• Any regime which does not provide relief for people currently on earth, instead promising something better for future generations / afterlife reincarnations, is a dangerous con. People claiming to be capitalist, communist, fascist, anarchist and everywhere in between have been guilty of it.

            This doesn't mean instant gratification, but it must mean that the society you are living in must exist to make your life better providing you do not act at the expense of others in that society.

            It's expected that things

            • by ctid (449118)

              Any regime which does not provide relief for people currently on earth, instead promising something better for future generations / afterlife reincarnations, is a dangerous con.

              This is not what you were saying originally. You said: "If capitalism were a success, we'd all be working fewer hours and adults would be living significantly longer. We are not and they are not."
              I believe that people do work fewer hours than they did 200 years ago (at least in the UK) and I know that they do live longer (again in th

              • 200 years ago in the UK was well into the industrial revolution and the enclosure acts. They long hours that people were working was under capitalism. The reduction of working hours has been as a result of liberal reforms and trade unionism. With capitalisms second wind beginning with Thatcher, and the decline of liberalism and trade unionism, people's working hours have again been getting longer.

                Longer life spans have been largely down to improvements in medical science and in the structures of healthcare.

                • by ctid (449118)

                  I agree to a certain extent, but what preceded the industrial revolution was certainly not shorter working hours (or indeed better working conditions).

                  • Well... In the winter months they'd be shorter hours. The modern worker gets up in darkness and gets home in darkness. They'd have only worked when the sun was shining. But they'd work Saturdays and not get annual leave...

                    But really my point is that capitalism isn't responsible for shortening working hours or increasing lifespans. They have other causes.

                    Capitalism is only designed to do one thing - to generate money for people who already have money from the labour of those who don't already have money. Eve

                    • Capitalism isn't really "designed" to do anything, inasmuch as it's not an engineered social system. It gradually evolved out of feudalism as means of production and transportation improved (especially during the industrial revolution), making trade more and more relevant. The effect that you describe is just as much unintended as everything else about it.

                      Not that it matters. Why would anyone care if the effect is intended or not, if it's present?

    • "Living longer" has diminishing returns, you know. And many times "working fewer hours" is an option that many people have; they choose to work longer to improve their standard of living (which, I might point out, is so ridiculously high in capitalist countries compared to the rest of the world that your statement is borderline comedy).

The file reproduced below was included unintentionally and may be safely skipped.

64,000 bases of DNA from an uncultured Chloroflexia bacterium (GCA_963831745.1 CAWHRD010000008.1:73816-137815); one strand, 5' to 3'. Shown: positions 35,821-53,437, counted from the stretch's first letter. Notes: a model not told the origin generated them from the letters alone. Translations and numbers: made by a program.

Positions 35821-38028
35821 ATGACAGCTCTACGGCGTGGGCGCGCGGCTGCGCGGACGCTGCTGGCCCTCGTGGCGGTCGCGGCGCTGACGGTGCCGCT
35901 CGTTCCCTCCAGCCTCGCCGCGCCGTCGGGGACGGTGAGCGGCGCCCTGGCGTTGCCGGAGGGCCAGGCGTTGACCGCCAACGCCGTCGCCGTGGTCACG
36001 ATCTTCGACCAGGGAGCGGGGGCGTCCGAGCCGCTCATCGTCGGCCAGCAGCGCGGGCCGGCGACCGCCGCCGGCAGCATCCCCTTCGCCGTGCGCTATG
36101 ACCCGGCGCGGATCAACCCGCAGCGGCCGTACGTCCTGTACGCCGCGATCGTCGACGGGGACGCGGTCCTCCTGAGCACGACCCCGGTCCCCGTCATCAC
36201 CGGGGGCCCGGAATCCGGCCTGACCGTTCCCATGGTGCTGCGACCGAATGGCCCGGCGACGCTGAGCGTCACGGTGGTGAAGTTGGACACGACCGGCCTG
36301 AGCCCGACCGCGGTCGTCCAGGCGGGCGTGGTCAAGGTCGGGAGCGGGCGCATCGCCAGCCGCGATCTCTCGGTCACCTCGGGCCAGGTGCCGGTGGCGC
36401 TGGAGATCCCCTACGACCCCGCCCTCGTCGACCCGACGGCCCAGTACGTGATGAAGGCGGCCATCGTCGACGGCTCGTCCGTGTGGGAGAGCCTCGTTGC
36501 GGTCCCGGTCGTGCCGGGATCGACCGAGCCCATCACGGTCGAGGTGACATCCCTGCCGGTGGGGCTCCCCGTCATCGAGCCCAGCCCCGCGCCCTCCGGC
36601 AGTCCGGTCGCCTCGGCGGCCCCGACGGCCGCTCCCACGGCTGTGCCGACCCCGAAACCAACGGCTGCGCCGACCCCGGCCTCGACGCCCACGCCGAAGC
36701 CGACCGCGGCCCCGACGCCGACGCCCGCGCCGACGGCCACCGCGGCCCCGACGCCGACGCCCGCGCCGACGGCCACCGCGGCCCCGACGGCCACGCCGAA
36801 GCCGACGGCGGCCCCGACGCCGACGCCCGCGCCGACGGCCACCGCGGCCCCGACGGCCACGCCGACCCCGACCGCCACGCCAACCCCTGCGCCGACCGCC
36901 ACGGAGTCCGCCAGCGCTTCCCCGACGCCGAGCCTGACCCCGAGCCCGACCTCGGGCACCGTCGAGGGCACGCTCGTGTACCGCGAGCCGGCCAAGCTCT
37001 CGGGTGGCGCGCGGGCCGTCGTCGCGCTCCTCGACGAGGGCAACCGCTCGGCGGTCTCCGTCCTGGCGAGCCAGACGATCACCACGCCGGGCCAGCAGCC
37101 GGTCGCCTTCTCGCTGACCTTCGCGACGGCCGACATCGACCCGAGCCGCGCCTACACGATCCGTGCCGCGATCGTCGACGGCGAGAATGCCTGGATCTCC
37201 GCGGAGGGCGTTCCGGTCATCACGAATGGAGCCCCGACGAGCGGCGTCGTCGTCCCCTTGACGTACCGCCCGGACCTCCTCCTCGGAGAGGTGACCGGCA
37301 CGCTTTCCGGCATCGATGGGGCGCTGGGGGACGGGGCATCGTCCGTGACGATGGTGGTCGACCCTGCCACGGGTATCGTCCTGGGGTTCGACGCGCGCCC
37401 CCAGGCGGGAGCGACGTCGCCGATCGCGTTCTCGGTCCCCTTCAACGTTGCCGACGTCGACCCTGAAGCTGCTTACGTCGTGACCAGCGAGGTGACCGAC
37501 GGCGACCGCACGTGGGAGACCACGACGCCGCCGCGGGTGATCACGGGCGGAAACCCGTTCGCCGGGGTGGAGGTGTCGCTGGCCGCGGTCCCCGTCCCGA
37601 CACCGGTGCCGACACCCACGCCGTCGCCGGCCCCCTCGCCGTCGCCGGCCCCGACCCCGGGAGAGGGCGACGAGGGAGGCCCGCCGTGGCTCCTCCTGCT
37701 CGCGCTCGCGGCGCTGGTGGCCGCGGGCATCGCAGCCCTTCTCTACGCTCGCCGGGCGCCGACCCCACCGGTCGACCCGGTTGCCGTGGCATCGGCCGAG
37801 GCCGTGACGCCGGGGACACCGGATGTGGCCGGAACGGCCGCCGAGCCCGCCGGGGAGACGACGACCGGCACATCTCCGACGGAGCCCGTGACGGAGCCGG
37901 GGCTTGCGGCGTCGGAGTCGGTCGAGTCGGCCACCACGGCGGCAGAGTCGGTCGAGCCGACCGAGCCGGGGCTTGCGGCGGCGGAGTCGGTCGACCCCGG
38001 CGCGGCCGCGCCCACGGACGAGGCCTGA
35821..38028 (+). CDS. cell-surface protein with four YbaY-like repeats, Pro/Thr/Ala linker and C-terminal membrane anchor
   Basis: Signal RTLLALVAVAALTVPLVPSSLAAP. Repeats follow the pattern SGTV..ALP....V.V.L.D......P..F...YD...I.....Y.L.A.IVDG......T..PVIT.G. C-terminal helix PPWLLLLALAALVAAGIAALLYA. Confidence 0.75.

• How many countries have you lived in?

        • "Rest of the world" population-wise. Ie, middle-east (you know, where people are protesting because of their quality of life), east asia (N Korea, China), southeast Asia (india), Africa.

    • Today I can work 38 hours a week for a decent living wage, and expect to live well into my 80s, probably into my 90s and with a decent chance of seeing 100. My great grandfather had to work 80 hours a week for a poor mans wage, the entire household had to contribute to earnings and he was lucky to see his 70s.

      I think we have come on leaps and bounds since my grandfathers day - I'm not sure how you could say otherwise.

      • My great grandfather had to work 80 hours a week for a poor mans wage, the entire household had to contribute to earnings and he was lucky to see his 70s.

        Yup. But you know the difference between the society of your great-grandfather and yours? He lived in a much more capitalist society, the one where you had to pay for any healthcare 100% out of your own pocket, and government-imposed regulations on work hours, vacations and such were unheard of.

        • Funny you should mention that. Back in his great-grandfather's day, when everyone had to pay for healthcare 100% out of their own pocket, healthcare was affordable. It was reasonably priced. Doctors used to make HOUSECALLS for crying out loud. When your children got sick, you'd call the village doctor and he'd come down to your house with his doctor's bag and treat your kid. You did not have to be rich, ordinary families (and even some of the poorer ones) could do this. Try reading a book written in the 19t
          • Back in his great-grandfather's day, when everyone had to pay for healthcare 100% out of their own pocket, healthcare was affordable. It was reasonably priced. Doctors used to make HOUSECALLS for crying out loud. When your children got sick, you'd call the village doctor and he'd come down to your house with his doctor's bag and treat your kid. You did not have to be rich, ordinary families (and even some of the poorer ones) could do this.

            Depends on the treatment. Basic stuff, yeah, people could generally afford (but no, it wasn't really cheap). More serious treatments, not so much.